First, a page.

Mapping gender-bias in the Australian health and care industry: A case study

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Linda Isherwood
Megan Moskos
Zoei Sutton


gender, care work, healthcare, employment, Australia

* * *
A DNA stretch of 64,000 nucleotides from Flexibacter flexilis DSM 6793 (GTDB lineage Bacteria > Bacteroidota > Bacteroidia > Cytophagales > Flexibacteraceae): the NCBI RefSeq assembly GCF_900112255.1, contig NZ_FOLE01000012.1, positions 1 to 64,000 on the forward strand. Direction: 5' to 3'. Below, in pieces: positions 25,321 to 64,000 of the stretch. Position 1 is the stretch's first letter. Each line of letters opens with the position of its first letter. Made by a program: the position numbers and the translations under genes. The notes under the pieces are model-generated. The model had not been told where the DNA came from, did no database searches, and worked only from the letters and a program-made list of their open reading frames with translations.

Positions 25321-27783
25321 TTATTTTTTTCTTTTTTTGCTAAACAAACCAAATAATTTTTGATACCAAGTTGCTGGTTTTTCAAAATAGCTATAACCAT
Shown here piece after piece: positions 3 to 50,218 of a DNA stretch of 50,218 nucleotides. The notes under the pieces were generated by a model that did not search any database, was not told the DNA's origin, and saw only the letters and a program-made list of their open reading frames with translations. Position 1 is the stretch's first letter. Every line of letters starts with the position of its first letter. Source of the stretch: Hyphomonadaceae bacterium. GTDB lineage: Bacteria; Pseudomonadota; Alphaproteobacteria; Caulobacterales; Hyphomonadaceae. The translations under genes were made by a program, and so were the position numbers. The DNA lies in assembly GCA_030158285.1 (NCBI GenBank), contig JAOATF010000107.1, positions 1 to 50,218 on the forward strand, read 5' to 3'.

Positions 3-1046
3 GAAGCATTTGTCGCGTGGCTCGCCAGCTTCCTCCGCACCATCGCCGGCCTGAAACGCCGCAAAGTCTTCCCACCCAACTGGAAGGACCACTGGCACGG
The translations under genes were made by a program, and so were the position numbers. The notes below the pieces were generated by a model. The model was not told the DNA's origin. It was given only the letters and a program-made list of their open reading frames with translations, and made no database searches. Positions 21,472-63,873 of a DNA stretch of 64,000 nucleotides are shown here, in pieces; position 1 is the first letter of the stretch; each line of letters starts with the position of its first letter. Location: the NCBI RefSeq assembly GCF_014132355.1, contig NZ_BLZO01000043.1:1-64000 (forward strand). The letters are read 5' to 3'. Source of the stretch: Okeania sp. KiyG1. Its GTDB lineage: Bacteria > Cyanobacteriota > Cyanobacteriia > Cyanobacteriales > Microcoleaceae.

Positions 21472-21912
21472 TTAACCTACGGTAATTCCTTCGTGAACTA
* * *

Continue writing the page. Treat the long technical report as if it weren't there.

Gender-bias in employment has long been a site of concern for social policy. Enduring gender patterns have seen an overrepresentation of men in high status, highly paid and executive roles, while women dominate less (monetarily) valued care work sectors internationally. While existing research has highlighted the negative impacts of this gender bias for women, as well as demonstrating the positive experiences of care work roles for men, it is unclear whether any significant change in male representation is occurring. This article contributes to contemporary understandings of gender-bias in employment by mapping gender patterns in the Australian healthcare and social assistance industry from 2006 to 2020. Drawing on Australian census and workforce statistical data we highlight the significant patterns over time and explore how these might inform developments in social policy to address gender bias in health and care occupations. We conclude by arguing that a broad collaboration of government, professional bodies, educational and industry organisations is needed to mount a sustained challenge to pervasive gender bias in health and care industries.

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